Professor Herbert E. Scarf Memorial Service Recording

Tuesday, February 16, 2016
Herbert E. Scarf

A memorial service in honor of Herbert Scarf was held in the calendar.yale.edu/cal/opa/day/20160123/All/CAL-2c9cb3cc-5140717b-0151-a64df203-000057d9bedework@yale.edu/">Battell Chapel, on Saturday, January 23, 2016 to pay homage to the esteemed economist  [Program].  Opening remarks were given by Arthur M. Okun Professor Emeritus of Economics, William Brainard, followed by a handful of colleagues from the Economics Department, his surviving daughters, Susan Scarf Merrell and Martha Scarf Samuelson, and grandchildren Maggie Merrell and Charlie Samuelson. Former Yale President and Frederick William Beinecke Professor Emeritus of Economics, Richard Levin, commemorated by saying, “Herb had a great gift.  He conveyed the most complex ideas in the simplest and clearest terms.  For Herb, breaking down a problem and finding a solution was a work of art, as well as intellect.  Answers had not only to be right, but there expression had also to be beautiful.”  The full recording can be viewed below.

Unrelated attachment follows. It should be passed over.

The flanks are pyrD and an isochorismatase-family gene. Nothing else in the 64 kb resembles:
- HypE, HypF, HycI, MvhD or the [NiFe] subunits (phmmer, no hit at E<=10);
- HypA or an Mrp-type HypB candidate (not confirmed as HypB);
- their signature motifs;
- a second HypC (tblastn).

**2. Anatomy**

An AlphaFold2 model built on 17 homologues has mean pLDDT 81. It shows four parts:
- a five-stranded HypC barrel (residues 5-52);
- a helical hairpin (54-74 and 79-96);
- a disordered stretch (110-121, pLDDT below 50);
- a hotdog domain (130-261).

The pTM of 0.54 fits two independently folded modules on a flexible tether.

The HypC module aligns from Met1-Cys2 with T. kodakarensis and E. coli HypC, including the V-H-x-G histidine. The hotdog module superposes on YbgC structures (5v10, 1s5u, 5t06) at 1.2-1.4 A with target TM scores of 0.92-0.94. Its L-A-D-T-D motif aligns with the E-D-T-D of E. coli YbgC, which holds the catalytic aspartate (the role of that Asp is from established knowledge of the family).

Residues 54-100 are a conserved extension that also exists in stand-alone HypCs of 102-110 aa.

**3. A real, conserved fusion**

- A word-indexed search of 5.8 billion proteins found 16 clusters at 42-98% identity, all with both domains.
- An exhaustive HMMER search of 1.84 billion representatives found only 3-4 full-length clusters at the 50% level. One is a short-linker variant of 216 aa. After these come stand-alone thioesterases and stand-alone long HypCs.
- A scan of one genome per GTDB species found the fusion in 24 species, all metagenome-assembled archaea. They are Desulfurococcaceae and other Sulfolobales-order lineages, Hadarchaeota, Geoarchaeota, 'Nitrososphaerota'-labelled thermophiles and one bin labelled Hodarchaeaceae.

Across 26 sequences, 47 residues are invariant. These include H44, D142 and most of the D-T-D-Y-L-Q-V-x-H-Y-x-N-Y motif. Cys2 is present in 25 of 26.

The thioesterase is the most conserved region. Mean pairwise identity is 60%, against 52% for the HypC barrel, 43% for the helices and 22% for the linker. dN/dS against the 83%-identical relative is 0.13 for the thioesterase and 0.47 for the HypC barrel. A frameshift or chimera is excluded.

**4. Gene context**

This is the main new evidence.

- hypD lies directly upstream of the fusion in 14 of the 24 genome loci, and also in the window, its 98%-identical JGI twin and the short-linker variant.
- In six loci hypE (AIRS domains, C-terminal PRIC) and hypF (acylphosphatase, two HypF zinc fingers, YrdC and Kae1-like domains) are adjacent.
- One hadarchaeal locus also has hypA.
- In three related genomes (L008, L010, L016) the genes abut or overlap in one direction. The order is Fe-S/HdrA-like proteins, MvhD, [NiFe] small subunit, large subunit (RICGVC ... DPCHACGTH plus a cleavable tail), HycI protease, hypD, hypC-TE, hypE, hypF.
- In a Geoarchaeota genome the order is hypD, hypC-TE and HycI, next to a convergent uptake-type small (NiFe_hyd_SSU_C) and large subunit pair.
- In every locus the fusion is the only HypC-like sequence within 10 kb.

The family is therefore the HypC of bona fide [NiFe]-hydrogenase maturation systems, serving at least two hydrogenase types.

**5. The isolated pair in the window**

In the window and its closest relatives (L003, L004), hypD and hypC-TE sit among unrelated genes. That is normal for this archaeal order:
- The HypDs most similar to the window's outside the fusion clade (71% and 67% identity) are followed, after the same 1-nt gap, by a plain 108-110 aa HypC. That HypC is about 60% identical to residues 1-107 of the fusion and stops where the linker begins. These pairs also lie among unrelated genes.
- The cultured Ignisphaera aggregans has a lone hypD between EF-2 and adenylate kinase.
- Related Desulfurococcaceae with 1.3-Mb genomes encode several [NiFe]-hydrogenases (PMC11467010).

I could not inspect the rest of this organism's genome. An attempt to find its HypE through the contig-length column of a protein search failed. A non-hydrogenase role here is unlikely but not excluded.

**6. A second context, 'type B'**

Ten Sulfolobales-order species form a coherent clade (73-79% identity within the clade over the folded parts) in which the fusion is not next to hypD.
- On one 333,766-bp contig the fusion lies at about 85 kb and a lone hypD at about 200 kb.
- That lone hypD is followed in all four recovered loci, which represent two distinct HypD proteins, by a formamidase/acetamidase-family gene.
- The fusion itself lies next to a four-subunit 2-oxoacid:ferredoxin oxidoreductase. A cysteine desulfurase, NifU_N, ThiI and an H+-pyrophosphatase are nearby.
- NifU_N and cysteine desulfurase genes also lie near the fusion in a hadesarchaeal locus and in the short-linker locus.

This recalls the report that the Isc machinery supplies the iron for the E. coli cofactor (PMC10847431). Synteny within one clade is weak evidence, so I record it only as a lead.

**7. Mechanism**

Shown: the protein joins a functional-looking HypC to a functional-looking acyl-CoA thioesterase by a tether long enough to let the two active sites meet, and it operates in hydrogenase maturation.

Professor Scarf’s research interests were in mathematical economics, cooperative game theory, applied general equilibrium analysis, and indivisibilities in production. Professor Scarf began his career at the Rand Corporation in Santa Monica, California, and was on the faculty of Stanford University before coming to Yale. He was president of the Econometric Society in 1983. Professor Scarf has served as director of the Cowles Foundation for Research in Economics, and director of the Division of Social Sciences at Yale. He was a member of the National Academy of Sciences, a fellow of the American Academy of Arts and Sciences, a member of the American Philosophical Society, and a distinguished fellow of the American Economic Association. 

Scarf was one of a handful of mathematicians who completed the transformation of economics from a field not much more mathematical than social sciences like sociology and psychology into a discipline with the same mathematical rigor as physics and the other hard sciences.

Memoriams can be found in The New York Times and the Yale News.